This is a map of the world as seen trough a bottle of water . The dimension of the countries is in fact stretched following their per capita consumption of bottled water.
The map shows a high consumption of bottled water in the industrialised countries, where there is high quality tap water. The large Asian countries of China and India have a relatively small size, because of their very low per capita consumption of bottled water. In the same way, the poorest countries almost disappear from this map together with the driest regions of the world, where bottled water consumption may be needed most. The inequalities can be understood better looking at those countries where people do not have access to safe water which is shown in the following map; this is where better water supplies would be needed most.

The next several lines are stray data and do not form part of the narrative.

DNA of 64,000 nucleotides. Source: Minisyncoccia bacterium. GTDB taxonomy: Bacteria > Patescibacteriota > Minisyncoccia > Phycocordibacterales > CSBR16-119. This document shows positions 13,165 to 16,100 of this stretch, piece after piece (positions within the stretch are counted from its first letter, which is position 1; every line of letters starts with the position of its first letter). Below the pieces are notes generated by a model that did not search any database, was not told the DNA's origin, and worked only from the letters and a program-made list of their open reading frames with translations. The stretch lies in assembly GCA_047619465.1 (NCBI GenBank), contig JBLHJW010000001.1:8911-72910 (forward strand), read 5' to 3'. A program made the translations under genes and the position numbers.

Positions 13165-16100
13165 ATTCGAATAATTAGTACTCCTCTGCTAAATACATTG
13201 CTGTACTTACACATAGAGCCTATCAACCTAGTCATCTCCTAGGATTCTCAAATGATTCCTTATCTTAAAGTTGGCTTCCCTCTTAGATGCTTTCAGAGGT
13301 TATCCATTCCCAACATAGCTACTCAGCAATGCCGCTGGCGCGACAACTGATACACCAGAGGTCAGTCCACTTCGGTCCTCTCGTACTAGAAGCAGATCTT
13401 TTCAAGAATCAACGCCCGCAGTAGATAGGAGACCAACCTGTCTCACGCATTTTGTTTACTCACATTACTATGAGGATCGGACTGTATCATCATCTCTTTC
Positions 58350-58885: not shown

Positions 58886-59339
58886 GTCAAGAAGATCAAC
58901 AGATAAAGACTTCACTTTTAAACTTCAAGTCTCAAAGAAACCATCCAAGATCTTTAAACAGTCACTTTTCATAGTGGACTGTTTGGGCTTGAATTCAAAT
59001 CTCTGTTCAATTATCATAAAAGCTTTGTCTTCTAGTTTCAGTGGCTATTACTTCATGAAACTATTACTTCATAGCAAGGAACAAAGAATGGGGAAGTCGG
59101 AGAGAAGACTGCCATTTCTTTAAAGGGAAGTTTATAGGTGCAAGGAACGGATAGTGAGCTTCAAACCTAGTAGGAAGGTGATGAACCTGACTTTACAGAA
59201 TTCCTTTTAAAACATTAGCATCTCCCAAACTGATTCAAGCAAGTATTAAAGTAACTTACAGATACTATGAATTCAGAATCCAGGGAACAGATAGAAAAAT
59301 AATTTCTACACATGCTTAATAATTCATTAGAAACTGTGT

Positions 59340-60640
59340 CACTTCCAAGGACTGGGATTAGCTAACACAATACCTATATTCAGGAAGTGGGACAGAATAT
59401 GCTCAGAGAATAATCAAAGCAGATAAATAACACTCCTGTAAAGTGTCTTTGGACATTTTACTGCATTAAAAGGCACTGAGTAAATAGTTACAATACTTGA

It is interesting to compare this map with the map of global population and of the distribution of GDP.
It is immediate to notice that the consumption of bottled water closely match the map of GDP distribution on the world and not the one of population distribution.
This is definitely something to think about. Bottled water is in same way a luxury, especially if we think at all the people that do not have access to clean water in the world.
The maps on this page have been created by Benjamin Hennig and the worldmapper team. They are property of the SASI Research Group (University of Sheffield). Shared under the Creative Commons conditions of the website.